Temple struggling with old habits ahead of season finale

E.J. Warner and Temple’s offense struggled in a Nov. 19 loss against the University of Cincinnati.

Temple redshirt-junior tight end football player, David Martin-Robinson made his return to the field during the Temple vs UCF game. ROBERT CRUZ / THE TEMPLE NEWS

Temple Football (3-8, 1-6 American Athletic Conference) lost to the University of Cincinnati (9-2, 6-1 The American) 23-3 on Nov. 19 at Lincoln Financial Field a week after losing 43-36 to the University of Houston (7-4, 5-2 The American). Last week, Temple’s offense regressed after averaging 45 points per game. 

Temple was coming off two successful offensive performances before their loss to Cincinnati, but they ultimately reverted to their old habits. The Owls’ forced passes and inferior run blocking led to a loss in which they put up three points for the second time this season. 

Today, against East Carolina University (6-5, 3-4 The American), Temple needs to get the ball moving on the ground early in order to set up easier throws downfield. 

The Owls struggled to move the ball throughout the game because of Cincinnati’s stout run defense. The Bearcats allowed Temple to record just seven rushing yards in the first half and 202 total offensive yards in the game. 

Cincinnati stacked the box all game, sending more defenders than the offensive line could block, which led Temple to average less than two yards per carry. For a team with a young quarterback in freshman E.J. Warner, a supplemental run game helps take pressure off his shoulders, but this game prevented him from having play-action freedom.

“Cincinnati is really good on defense,” said head coach Stan Drayton. “It’s the best front we’ve faced all year.”

The lack of a running game forced Temple to throw the ball to move downfield. Warner returned to Earth after his record-setting 486-yard passing performance against Houston. He only passed for 167 yards with zero touchdowns and threw two interceptions against the Bearcats in a subpar performance.

While Warner makes correct reads and accurate throws with the football, there are times when he lacks the proper arm strength for plays that break outside. Warner’s middle to deep throws outside the numbers require ball speed and anticipation, but he gave defensive backs time to recover on routes with high-arching passes, leading to seven Cincinnati pass breakups.

Warner had two throws to out-breaking routes in the first half, both of which lacked the proper velocity and sailed to the intended receiver. One ended in a near interception and the other was picked off by Cincinnati senior safety Jacob Dingle. If Temple wants to have success in the future, Warner must be able to make accurate down-field throws.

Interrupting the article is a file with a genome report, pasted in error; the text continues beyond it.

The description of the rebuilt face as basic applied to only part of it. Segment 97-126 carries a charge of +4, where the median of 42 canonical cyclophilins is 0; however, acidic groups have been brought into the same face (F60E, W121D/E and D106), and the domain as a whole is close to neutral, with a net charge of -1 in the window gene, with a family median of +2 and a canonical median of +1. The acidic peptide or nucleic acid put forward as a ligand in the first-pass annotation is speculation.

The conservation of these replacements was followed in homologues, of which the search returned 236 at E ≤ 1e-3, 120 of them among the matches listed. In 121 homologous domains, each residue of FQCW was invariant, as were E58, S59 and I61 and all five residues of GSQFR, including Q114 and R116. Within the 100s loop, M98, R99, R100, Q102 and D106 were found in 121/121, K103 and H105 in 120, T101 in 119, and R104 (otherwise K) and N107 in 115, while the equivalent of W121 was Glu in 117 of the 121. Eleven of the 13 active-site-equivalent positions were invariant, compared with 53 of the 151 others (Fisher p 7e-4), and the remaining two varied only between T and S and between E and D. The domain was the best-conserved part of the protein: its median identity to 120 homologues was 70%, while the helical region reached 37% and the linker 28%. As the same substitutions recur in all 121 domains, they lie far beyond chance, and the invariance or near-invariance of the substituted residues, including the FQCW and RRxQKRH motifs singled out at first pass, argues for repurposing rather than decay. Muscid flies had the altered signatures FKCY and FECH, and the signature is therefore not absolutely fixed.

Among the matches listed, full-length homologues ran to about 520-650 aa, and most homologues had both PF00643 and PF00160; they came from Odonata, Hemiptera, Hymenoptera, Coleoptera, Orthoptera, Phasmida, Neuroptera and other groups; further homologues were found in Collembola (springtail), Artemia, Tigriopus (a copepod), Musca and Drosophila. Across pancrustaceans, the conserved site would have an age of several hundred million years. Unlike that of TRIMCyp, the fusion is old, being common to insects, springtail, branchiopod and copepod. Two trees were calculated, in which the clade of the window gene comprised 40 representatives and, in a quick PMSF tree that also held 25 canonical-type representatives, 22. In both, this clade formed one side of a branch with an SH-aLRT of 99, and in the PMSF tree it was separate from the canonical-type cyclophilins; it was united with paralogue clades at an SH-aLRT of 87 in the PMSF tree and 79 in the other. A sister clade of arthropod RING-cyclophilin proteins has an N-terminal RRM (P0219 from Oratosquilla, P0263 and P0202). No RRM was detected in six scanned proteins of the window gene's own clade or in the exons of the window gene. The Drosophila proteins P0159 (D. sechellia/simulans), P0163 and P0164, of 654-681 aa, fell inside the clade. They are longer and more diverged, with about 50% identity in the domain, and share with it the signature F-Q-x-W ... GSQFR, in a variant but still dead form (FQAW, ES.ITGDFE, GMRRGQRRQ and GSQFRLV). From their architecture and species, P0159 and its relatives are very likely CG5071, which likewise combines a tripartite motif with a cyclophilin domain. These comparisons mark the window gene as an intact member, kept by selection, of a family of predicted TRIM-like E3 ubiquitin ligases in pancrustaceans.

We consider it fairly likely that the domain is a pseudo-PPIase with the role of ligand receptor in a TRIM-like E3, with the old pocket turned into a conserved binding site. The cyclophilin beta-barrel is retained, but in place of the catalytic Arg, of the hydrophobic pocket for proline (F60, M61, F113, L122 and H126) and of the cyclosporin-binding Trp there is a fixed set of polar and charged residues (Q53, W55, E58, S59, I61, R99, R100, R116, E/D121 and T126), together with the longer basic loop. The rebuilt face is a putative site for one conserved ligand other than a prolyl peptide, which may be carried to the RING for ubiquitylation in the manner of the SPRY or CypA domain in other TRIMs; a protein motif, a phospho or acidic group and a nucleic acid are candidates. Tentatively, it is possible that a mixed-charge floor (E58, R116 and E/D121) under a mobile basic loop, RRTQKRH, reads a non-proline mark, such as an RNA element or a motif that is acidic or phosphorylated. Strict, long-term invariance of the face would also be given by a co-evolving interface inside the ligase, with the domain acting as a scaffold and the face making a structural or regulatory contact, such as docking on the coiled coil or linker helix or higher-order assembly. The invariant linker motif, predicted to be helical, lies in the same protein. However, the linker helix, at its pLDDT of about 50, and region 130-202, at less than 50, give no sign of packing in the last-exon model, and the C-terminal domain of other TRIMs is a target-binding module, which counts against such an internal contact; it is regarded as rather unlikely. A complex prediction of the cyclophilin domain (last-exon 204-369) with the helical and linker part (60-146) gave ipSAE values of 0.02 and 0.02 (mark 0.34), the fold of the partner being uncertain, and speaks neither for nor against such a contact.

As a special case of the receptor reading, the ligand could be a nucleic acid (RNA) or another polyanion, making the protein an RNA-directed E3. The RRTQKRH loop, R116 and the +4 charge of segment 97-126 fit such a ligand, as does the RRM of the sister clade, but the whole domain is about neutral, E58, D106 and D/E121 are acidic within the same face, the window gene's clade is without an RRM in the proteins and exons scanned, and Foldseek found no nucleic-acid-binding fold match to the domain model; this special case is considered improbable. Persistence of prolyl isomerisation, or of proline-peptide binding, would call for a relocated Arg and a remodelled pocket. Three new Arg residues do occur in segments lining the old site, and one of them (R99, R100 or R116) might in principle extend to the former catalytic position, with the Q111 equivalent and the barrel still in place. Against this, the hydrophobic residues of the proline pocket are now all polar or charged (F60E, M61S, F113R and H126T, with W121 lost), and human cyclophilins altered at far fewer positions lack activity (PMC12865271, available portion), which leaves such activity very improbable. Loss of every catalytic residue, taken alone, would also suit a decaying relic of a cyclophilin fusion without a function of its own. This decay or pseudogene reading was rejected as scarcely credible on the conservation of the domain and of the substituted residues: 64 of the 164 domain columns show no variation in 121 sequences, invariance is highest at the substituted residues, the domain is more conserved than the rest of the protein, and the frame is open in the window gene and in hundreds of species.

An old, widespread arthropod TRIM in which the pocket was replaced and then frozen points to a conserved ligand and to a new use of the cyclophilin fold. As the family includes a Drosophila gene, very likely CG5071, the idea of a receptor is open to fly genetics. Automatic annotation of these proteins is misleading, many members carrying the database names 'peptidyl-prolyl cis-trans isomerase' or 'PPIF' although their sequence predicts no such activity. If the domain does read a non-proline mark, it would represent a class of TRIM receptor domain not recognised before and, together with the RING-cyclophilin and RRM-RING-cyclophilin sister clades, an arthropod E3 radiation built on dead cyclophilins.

The wide receivers also struggled to make key catches. The receiving core struggled to get open against the Bearcats’ steady secondary without redshirt senior Adonicas Sanders and redshirt junior Amad Anderson Jr., who bring a veteran presence and solid route running. 

The two receivers’ absences gave opportunities to players who wouldn’t see the field as much, like redshirt freshman Zae Baines and walk-on freshman Jordan Diaz. Baines and Diaz did not play a significant role offensively, but their presence was a big part of Temple’s “next man up” mentality, Warner said in the postgame press conference. 

Temple’s four turnovers and a fumble by redshirt sophomore running back Edward Saydee, led to 10 and seven Cincinnati points, respectively. If the Owls protected the football by establishing a run game and making shorter throws, the score would have been closer and they would have had more opportunities to score.

“The stats are very telling, looking at four turnovers,” Drayton said. “You’re not going to beat a good team with numbers like that.”

Defensively, Temple played well by holding Cincinnati’s offense to below their season average of 31.7 points per game. 

Despite missing sophomore defensive end Darian Varner – their season sack leader heading into the game – Temple recorded five sacks and eight tackles for loss on the day. The Owls have not struggled with creating defensive pressure with their front seven this season, and that trend continued last Saturday. 

“The whole mantra for our defense is negative plays, TFL’s and sacks,” Drayton said. “Anytime we’re getting a combination of those we’re celebrating for sure.”

Redshirt junior outside linebacker Layton Jordan, who finished the game with two and a half sacks and three and a half tackles for loss, forced the majority of those negative plays. Jordan now has nine total sacks and 18.5 tackles for loss on the season, placing him top 10 in the nation in both categories.

Temple will end their season against ECU at Lincoln Financial Field today at 1 p.m. Temple has not beaten ECU since 2019 and is looking to avenge a 45-3 loss at the hands of the Pirates last year. 

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